Thomas, Sarah Middleton Holding, Polly Eardley, Ephraim
Daniel Holding was born April 5, 1813 and Sarah Middleton was born September 6, 1823 in Cottonwood, Preece, Shropshire, England. They both joined the Church of Jesus Christ of Latter-day Saints in December 1842. In January of 1844, they walked 20 miles to John's Church, Chester, England, to be married. During this time, their home was always open to the missionaries and Elders of the Church.
In 1853 the spirit of gathering came upon them. They sold their possessions and with their four children ages two to nine, (Margaret Hannah, Thomas Hyrum, Epraim George, and Sarah Jane) they sailed from Liverpool, England on the sailing vessel Elvira Owens on February 2, 1853. There were 345 saints aboard under the direction of Joseph W. Young, who presided over the Preston conference. Both Daniel and Sarah were very seasick and unable to cook meals for their children. Each family on the ship had to provide their own food and cook their own meals.
In March, after a speedy voyage lasting 36 days, they landed at the mouth of the Mississippi River where they changed to a river boat and sailed up the river to St. Louis. Three days before they arrived there, Sarah gave birth to twins, Joseph and Josephine. She was carried from the boat to the shore on a chair. In St. Louis, one of the twins died and was buried in a crude coffin made by Daniel. They took the boat up the river to Keokuk, Iowa and crossed to river to Nauvoo. On June 2, 1853, the other twin died as well as their two year old daughter Margaret Hannah. They were both buried in the same box made by Daniel. He gathered tree branches and made a big bonfire on top of the graves to keep the wolves away.
At Keokuk, Daniel made the wagon in which they crossed the plains to Utah. They joined the Cyrus E. Wheelock Co., known as the Independent Ten Pound Company, and left Keokuk on June 10, 1953, again with Joseph W. Young as president of the company. During the trip, the indians would steal possessions from their wagons and terribly frighten the children, who had never seen indians before. Their food while crossing the plains was buffalo meat, greens, roots and bulbs.
On August 29, their daughter Sarah Jane fell from the wagon and the wheels passed over her arms and crushed her head flat above her forehead. The whole company stopped and she was administered to by the elders. Then they squeezed her head back into shape, bandaged it, and continued on their journey. The scar was always noticable on her head and face the rest of her life.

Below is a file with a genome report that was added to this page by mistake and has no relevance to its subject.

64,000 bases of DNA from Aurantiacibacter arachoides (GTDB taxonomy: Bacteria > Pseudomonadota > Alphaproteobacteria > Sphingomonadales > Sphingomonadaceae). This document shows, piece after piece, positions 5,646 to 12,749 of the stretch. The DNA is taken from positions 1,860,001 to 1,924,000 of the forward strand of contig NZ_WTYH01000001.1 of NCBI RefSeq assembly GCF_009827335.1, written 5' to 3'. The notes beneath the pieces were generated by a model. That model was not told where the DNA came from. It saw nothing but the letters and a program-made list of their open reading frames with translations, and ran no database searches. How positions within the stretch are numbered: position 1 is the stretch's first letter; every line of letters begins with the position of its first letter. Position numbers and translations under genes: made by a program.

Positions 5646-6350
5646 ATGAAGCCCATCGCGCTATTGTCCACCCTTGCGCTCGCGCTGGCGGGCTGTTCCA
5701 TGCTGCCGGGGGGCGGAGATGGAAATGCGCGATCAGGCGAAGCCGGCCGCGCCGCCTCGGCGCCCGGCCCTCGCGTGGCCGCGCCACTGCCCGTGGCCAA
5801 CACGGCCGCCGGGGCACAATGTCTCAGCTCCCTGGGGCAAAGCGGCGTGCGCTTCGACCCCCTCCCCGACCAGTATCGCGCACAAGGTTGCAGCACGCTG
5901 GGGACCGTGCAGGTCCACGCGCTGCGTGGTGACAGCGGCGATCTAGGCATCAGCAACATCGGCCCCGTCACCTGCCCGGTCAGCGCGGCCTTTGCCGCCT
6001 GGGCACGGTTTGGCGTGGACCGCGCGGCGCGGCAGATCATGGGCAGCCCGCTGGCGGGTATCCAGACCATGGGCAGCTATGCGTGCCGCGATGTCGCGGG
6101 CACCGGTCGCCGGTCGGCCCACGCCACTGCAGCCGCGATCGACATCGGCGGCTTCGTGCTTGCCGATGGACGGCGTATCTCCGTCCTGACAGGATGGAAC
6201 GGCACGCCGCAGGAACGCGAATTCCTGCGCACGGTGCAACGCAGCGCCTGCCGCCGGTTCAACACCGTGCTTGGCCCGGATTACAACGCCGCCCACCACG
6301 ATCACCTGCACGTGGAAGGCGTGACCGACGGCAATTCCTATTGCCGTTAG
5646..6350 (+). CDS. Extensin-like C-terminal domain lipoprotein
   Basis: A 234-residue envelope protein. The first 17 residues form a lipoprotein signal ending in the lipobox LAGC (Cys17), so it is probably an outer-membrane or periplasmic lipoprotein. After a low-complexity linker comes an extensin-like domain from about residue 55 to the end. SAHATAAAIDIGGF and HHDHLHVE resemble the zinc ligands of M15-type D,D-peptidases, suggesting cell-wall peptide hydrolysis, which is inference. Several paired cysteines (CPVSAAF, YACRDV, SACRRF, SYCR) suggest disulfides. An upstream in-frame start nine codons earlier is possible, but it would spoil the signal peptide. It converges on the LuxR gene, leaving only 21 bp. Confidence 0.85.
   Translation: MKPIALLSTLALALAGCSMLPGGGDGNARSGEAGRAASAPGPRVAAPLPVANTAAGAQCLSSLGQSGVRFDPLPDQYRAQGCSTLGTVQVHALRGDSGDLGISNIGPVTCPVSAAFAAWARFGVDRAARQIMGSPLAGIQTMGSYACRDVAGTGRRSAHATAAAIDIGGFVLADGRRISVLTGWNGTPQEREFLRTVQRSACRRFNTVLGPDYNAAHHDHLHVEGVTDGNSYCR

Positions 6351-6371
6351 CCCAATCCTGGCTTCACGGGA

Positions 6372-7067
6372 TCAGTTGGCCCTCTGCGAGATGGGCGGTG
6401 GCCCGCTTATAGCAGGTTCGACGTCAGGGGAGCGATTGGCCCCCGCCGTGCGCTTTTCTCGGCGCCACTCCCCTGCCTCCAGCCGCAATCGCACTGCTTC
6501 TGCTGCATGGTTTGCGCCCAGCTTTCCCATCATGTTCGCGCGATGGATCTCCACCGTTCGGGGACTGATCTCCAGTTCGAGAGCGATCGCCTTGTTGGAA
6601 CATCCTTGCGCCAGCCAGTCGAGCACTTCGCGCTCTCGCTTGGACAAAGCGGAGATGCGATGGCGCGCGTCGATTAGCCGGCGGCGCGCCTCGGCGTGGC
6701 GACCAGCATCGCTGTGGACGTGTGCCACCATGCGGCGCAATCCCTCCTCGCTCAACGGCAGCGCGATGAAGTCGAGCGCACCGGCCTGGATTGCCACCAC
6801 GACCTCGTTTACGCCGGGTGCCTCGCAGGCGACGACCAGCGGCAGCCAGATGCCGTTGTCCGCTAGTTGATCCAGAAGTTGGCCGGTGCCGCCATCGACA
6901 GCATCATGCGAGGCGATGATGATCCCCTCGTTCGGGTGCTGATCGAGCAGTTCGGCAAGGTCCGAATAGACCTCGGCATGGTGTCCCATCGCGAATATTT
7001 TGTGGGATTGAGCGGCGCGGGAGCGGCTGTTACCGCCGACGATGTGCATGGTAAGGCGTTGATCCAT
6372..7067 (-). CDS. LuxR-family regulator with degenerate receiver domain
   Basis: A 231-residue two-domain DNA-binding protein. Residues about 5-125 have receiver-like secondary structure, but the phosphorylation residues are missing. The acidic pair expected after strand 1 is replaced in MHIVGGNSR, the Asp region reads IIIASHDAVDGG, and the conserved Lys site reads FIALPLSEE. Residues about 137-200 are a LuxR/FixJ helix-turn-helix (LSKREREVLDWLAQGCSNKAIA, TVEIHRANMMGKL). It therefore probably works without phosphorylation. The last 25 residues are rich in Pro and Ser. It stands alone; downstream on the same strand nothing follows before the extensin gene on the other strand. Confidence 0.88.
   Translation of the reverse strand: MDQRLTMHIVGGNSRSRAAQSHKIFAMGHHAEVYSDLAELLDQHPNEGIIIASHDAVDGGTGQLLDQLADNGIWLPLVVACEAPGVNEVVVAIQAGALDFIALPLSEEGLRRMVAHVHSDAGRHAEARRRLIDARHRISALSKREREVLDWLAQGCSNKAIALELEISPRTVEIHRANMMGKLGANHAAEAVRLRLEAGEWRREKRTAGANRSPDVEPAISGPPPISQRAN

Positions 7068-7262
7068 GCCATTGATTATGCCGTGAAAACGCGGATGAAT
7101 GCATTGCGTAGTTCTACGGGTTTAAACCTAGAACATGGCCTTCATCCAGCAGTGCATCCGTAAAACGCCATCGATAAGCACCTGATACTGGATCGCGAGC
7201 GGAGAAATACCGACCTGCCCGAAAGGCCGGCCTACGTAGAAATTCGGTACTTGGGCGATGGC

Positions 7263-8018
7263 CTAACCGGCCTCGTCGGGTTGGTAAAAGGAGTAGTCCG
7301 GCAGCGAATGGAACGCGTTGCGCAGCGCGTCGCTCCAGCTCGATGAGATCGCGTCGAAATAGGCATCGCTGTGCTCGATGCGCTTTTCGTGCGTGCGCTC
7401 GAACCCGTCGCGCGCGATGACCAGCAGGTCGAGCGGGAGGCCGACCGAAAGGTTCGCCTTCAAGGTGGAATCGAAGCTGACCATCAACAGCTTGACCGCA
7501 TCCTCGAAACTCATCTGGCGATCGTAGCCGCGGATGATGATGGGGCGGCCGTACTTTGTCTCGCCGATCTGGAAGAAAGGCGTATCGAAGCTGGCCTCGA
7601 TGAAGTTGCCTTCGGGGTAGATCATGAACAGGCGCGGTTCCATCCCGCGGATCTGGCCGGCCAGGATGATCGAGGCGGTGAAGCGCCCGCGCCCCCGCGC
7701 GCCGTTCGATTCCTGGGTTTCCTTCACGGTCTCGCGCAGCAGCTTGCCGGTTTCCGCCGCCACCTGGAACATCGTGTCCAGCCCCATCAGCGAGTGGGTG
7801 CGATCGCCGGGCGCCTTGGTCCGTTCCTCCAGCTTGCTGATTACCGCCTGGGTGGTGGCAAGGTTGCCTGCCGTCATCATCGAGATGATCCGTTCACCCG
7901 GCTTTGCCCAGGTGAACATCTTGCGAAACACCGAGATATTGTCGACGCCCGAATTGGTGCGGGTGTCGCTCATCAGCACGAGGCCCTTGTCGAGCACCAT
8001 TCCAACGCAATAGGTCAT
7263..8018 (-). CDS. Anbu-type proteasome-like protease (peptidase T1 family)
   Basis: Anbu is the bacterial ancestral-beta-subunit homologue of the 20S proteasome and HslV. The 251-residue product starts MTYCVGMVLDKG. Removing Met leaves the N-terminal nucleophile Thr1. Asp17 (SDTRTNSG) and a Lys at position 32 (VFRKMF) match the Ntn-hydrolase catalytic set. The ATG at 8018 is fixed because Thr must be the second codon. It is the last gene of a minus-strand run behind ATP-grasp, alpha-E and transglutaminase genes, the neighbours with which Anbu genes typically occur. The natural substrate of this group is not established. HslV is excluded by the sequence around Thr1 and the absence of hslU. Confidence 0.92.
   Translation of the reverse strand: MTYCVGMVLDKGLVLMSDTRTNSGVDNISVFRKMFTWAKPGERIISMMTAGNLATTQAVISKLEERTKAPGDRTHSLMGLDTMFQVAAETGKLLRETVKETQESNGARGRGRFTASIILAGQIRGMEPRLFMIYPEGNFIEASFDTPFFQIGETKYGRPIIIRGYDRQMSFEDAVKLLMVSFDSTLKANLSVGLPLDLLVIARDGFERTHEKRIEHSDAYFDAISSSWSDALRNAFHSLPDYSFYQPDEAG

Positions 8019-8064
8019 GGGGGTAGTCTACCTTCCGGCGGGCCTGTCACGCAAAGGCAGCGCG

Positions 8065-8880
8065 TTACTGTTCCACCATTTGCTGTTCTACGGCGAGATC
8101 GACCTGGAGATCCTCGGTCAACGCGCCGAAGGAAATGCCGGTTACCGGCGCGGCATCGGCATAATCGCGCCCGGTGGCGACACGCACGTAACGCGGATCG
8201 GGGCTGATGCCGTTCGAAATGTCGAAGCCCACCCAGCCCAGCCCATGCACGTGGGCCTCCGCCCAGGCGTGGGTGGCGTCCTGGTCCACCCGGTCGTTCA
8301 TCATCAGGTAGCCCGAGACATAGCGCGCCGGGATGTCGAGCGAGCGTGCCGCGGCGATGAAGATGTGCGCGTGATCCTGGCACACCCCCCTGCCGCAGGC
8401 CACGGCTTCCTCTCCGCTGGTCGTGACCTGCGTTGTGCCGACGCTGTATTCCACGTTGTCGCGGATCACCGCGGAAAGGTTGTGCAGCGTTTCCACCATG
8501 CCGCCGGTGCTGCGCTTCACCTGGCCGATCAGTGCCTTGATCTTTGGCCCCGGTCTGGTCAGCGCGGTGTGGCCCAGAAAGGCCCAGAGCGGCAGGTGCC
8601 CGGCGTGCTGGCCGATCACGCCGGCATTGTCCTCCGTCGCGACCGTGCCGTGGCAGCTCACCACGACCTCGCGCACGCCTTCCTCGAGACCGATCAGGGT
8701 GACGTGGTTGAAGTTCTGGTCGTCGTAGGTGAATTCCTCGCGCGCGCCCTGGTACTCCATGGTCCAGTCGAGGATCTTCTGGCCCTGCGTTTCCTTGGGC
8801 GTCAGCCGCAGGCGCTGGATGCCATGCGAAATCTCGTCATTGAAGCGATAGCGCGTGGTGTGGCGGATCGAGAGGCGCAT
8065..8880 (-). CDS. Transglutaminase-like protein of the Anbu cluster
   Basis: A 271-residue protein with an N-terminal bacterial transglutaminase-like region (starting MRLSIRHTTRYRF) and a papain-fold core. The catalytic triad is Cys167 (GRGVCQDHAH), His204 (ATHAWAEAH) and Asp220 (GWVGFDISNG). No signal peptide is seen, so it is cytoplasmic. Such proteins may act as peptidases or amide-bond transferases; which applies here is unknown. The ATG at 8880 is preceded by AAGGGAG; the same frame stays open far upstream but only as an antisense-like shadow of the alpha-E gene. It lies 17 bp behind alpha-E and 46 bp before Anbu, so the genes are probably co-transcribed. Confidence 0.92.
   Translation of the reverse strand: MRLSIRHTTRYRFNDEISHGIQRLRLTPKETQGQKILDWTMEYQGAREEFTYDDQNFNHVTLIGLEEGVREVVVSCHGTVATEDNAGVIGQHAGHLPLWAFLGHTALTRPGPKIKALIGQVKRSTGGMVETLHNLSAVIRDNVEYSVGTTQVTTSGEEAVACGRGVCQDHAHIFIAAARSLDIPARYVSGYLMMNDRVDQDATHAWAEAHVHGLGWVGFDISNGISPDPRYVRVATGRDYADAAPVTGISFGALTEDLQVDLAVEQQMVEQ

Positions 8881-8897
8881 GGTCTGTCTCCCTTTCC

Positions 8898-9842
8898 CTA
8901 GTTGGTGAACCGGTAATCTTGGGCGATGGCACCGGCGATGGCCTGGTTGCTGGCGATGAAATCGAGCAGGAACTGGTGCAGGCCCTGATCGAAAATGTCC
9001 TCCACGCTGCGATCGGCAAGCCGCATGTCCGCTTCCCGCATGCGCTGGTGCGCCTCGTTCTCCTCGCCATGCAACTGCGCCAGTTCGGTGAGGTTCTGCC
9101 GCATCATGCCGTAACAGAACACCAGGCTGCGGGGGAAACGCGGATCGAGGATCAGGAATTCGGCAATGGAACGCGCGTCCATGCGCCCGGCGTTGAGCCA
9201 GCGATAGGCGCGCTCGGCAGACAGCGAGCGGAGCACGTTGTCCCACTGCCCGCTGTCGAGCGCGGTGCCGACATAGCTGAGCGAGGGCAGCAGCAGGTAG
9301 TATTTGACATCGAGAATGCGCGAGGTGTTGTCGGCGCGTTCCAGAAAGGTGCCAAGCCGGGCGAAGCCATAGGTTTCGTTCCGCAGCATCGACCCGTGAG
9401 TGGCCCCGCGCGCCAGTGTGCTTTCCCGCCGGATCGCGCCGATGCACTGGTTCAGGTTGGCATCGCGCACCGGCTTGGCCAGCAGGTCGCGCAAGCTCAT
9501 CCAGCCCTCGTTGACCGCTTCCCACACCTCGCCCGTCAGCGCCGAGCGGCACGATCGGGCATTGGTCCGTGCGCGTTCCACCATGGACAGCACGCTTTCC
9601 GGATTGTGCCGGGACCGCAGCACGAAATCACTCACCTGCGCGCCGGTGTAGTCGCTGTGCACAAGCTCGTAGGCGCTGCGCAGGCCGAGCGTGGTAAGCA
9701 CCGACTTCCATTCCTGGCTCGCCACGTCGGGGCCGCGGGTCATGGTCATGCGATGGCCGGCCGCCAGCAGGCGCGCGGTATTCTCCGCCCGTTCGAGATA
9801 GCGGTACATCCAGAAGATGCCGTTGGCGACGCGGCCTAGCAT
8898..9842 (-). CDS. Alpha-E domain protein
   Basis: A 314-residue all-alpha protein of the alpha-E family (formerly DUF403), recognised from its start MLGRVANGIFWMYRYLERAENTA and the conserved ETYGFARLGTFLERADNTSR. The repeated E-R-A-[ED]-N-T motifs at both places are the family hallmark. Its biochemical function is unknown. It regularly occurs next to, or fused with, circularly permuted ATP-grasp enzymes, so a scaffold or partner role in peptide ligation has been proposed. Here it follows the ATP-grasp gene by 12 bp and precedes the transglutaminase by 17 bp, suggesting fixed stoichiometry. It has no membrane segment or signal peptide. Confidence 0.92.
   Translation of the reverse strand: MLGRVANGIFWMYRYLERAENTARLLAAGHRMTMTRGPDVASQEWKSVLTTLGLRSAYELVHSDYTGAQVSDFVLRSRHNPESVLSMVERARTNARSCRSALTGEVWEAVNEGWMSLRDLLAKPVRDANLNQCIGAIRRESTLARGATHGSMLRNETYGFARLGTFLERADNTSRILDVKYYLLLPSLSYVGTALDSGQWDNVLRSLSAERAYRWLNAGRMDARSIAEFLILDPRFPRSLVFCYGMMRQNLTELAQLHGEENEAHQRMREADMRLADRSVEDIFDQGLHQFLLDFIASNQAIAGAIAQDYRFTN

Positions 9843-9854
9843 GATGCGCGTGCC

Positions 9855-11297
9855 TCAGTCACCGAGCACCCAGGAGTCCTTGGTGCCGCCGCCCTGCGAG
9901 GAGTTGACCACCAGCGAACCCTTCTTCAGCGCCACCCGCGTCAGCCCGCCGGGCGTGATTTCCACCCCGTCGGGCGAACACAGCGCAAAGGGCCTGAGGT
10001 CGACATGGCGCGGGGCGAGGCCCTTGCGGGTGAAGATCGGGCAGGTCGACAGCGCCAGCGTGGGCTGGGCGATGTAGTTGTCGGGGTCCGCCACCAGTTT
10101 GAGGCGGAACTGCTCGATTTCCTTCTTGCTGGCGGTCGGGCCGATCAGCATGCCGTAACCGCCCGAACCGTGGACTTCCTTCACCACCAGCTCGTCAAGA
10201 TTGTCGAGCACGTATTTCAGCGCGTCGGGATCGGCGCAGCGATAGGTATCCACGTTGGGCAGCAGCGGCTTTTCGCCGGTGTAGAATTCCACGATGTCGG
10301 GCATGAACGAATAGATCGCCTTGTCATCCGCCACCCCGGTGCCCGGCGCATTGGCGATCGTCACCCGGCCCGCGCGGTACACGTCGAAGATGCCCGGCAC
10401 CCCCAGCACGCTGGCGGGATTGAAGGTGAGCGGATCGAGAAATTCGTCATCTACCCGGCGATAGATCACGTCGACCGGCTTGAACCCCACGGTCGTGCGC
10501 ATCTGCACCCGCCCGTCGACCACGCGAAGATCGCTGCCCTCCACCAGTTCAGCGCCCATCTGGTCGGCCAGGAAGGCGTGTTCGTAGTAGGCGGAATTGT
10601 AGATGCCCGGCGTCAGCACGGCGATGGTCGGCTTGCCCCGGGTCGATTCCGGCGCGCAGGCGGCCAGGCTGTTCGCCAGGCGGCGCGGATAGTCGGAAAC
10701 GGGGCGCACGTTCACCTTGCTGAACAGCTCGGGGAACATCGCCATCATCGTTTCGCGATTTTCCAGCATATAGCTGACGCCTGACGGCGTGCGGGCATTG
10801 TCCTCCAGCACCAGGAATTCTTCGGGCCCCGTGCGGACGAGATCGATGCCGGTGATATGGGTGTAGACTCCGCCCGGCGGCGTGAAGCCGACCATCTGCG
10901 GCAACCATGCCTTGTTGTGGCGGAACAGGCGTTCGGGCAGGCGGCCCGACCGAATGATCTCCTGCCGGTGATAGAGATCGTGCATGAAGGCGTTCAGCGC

Later, their oldest son Hyrum fell from the wagon and broke his arm.
They arrived in Utah on September 19, 1853 and camped in Pioneer Square. They later went to live with the Hewett family who had come to Utah 3 years before. Then they found a place to live on 1st South Street.
A few months later, early in 1954, they started back over the plains headed back to England. Daniel had been called back home to settle the estate of his father who had died. On July 15, 1854, Sarah gave birth to a son Richard at Savannah, Andrew, Missouri. In St. Louis, Sarah had typhus fever and was near death. It took them six months to get back to England. On July 30, 1856, a daughter Mary Ann was born. She was called Polly the rest of her life.
On August 6, 1857, Daniel passed away and left Sarah a widow with a family to raise.
The first of the family to return to Utah was Ephraim George who arrived in Salt Lake August 5, 1870 when he was 21 years old. In 1875 Sarah and her daughter Polly, who was 19, arrived back in Utah. This was 22 years after Sarah had made her first trek across the plains. Sarah was so happy to be back with her sons and the saints.
Polly married Bedson Eardley who was a pioneer potter, and they built an adobe house on 3rd South and 2nd West opposite Pioneer Square where Sarah and Daniel first camped in 1853. Sarah lived with Polly and her family. They had a tailor shop in their home where Sarah and Polly made suits for the men in town before they were available in stores. The lot their house was on was a large one and Sarah raised all their winter potatoes, other vegetables, and many herbs which was their year-round medicine. Sarah was a nurse and midwife and went into homes where there were contagous diseases. She was kind and generous and never failed anyone in need. She never wore glasses and in her spare time she knit stockings for her grandchildren.
Sarah died December 16, 1912 at the age of 89.